I’ve been in a long-term relationship with soda, or “pop” as I lovingly called it most of my life. We started dating when I was around age 12, just about the time that I started blossoming into a young woman and I realized a steady diet of Mike and Ike’s and Sprite wasn’t doing much my seemingly-gigantic juniors size 13 jeans. My mom is a diet coke fiend – if you gave her a feeding tube with Diet Coke piped directly into it, she’d probably be glad to walk around all day hooked up to it. We always had diet coke on hand, because when you’re fat, you’re told not to drink normal soda because of the sugar. Alas, drinking your calories sucks too, but as I’ve grow more conscious about what I put into my body, I realize the soda’s got to go.
I’m not a huge soda drinker, and at most, I limit myself to one a day. However, I hear the siren song of the fizzing bubbles whenever I have a delicious meal. I want the sweet, slightly acidic taste to wash down my throat, filling my stomach with fizz and deliciousness. With a couple of ice cubes and a wedge of lemon, it’s like heaven. There have been mornings when all I want is an ice cold diet coke, straight out of the can with a straw, and I’ve given in to that temptation, buzzing like a blonde squirrel from the jolt of caffeine, feeling guilty for having a chemical breakfast.
However, as more and more research comes out about soda in general, I know I need to quit. I’ve never gone 100% clean. I’ve lasted a few weeks of celibacy, cheering myself on when I ask for unsweetened tea or water instead of my liquid crack. It never lasts, and before I know it, I’m driving through the nearest McDonald’s, ordering a super-sized diet coke, peering out my car windows as if the soda police are going to catch me getting my one last fix. It’s time. It’s time to break up. Here’s just a few of the many reasons from Rodale why I know I need to do this:
- Researchers from the University of Texas Health Science Center monitored 475 adults for 10 years, and found that those who drank diet soda had a 70 percent increase in waist circumference over the 10-year study, compared with those who didn’t drink any soda. Those who drank more than two diet sodas per day saw a 500 percent waist expansion! A separate study the same researchers conducted on mice suggested that it was the aspartame, which raised blood glucose levels, that caused the weight gain; when your liver encounters too much glucose, the excess is converted to body fat.
- In 2011, the nonprofit Center for Science in the Public Interest petitioned the Food and Drug Administration to ban the artificial caramel coloring used to make Coke, Pepsi, and other colas brown. The reason: Two contaminants in the coloring, 2-methylimidazole and 4-methylimidazole, have been found to cause cancer in animals, a threat the group says is unnecessary, considering that the coloring is purely cosmetic. According to California’s strict Proposition 65 list of chemicals known to cause cancer, just 16 micrograms per person per day of 4-methylimidazole is enough to pose a cancer threat, and most popular brown colas, both diet and regular, contain 200 micrograms per 20-ounce bottle.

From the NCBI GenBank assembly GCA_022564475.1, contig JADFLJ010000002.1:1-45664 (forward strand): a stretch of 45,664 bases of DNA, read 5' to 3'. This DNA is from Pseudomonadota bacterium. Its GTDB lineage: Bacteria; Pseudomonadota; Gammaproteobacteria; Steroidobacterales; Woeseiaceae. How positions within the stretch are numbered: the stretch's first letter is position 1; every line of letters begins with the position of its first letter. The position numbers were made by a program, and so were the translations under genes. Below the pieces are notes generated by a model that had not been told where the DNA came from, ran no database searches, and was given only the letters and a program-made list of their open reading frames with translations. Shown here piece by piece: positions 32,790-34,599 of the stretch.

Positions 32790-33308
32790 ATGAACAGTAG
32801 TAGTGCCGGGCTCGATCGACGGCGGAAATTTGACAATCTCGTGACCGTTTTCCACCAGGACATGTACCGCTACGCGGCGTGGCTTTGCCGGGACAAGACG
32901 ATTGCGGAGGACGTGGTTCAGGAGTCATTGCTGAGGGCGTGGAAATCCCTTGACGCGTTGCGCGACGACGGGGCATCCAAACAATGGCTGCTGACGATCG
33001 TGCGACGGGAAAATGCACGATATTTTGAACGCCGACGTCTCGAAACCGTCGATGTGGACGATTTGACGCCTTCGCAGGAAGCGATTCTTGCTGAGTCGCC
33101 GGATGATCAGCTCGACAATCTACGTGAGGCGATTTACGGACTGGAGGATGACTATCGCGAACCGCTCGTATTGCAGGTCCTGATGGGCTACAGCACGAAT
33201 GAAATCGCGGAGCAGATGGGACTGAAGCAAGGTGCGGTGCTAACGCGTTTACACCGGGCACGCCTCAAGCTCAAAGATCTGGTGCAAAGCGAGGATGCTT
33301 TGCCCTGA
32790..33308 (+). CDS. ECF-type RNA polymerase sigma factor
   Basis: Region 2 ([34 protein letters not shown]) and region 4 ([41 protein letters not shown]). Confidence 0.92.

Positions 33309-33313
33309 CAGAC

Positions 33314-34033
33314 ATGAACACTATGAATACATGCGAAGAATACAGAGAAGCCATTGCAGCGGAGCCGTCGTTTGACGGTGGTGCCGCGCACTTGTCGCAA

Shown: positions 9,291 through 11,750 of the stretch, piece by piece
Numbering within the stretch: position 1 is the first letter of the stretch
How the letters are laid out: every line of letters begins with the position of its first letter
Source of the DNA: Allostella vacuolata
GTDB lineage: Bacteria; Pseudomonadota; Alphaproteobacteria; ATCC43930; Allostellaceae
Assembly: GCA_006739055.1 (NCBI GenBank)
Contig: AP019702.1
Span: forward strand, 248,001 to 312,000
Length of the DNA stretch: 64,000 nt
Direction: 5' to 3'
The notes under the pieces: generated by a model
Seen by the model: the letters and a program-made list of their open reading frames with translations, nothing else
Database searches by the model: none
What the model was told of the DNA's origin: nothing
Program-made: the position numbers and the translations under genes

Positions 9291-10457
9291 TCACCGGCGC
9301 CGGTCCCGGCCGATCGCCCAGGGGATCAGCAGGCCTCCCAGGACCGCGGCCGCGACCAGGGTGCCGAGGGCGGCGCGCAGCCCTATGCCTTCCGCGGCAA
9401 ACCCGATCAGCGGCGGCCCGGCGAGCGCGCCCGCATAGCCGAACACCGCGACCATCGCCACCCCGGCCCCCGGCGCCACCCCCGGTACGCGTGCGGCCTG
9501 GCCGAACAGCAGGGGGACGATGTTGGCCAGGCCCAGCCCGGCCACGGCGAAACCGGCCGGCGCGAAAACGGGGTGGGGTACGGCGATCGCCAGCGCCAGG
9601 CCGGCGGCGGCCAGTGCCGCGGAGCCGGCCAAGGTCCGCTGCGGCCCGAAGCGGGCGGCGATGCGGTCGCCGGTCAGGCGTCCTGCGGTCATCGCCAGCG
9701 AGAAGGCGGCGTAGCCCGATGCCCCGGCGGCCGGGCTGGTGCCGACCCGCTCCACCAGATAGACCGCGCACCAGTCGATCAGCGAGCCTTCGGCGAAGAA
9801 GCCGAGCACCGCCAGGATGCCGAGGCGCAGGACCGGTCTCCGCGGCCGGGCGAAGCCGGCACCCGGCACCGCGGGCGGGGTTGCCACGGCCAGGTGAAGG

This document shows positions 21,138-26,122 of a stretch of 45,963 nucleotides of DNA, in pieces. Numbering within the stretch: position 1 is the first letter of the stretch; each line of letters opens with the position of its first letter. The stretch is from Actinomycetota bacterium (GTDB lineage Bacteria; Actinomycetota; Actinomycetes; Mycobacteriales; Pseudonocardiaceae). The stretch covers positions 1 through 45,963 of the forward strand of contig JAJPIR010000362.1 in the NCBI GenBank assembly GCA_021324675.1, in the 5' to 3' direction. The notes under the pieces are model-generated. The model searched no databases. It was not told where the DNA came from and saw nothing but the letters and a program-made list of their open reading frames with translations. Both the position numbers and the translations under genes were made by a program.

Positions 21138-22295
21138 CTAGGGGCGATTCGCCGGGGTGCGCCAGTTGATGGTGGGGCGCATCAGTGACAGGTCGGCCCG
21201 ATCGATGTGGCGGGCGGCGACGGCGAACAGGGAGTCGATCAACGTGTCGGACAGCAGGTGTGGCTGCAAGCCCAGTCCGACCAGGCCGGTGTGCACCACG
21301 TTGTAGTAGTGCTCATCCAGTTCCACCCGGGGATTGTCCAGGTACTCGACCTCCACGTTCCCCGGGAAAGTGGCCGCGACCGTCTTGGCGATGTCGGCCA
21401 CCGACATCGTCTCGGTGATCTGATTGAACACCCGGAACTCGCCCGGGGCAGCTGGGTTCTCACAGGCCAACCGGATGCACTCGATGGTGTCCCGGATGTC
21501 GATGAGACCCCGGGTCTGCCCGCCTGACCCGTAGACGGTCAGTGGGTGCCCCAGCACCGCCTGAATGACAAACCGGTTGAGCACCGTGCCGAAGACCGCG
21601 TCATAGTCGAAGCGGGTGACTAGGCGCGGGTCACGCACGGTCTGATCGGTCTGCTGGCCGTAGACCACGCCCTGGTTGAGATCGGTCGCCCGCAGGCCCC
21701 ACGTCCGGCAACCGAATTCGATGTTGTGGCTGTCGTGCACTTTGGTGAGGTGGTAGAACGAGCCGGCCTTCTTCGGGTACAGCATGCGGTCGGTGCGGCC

- It’s not just the soda that’s causing all the problems. Nearly all aluminum soda cans are lined with an epoxy resin called bisphenol A (BPA), used to keep the acids in soda from reacting with the metal. BPA is known to interfere with hormones, and has been linked to everything from infertility to obesity and diabetes and some forms of reproductive cancers. The Centers for Disease Control and Prevention have pegged soda cans, along with restaurant, school, and fast-food meals, as a major source of exposure to the chemical. And while Pepsi and Coke are currently locked in a battle to see which company can be the first to develop a 100 percent plant-based-plastic bottle—which they’re touting as “BPA free”—neither company is willing to switch to BPA-free aluminum cans.
We know that all statistics can be skewed, and that you shouldn’t believe everything you read, but the above are just three of the
many reasons why I’m going to kick the habit. I’ve been toying with quitting for years, bouncing the idea back and forth, asking almost everyone I can what they think – some saying it’s no big deal, some saying it’s awful, some saying it’s better than drinking regular soda. In an effort to get clean with my diet, I gotta get off the sauce.
The research is out there, and now that I’m surrounded by an office full of super knowledgable nutrition and health people, I have more gusto to do this than ever. However, I have 2 cans of a Diet pepsi and three cans of Diet 7-up chilling in my fridge. Because I’m frugal AND I’m sentimental, I’m going to finish them up this week, and then go clean. Cold turkey. I’ll be filling up pitchers of water with lemon slices, orange slices and limes. I’ll have unsweetened tea at the ready. It’s time. Diet Coke, it’s been fun. We’ve had a lot of good meals and hot days together. But I need to move on. You’ve given me headaches, and cravings. You’re clingy. You’ve made me spend ridiculous amounts of money to keep you on hand. Diet Coke, to be nice I’d say that it’s not you, it’s me, but it’s not true. It’s not me. It’s you.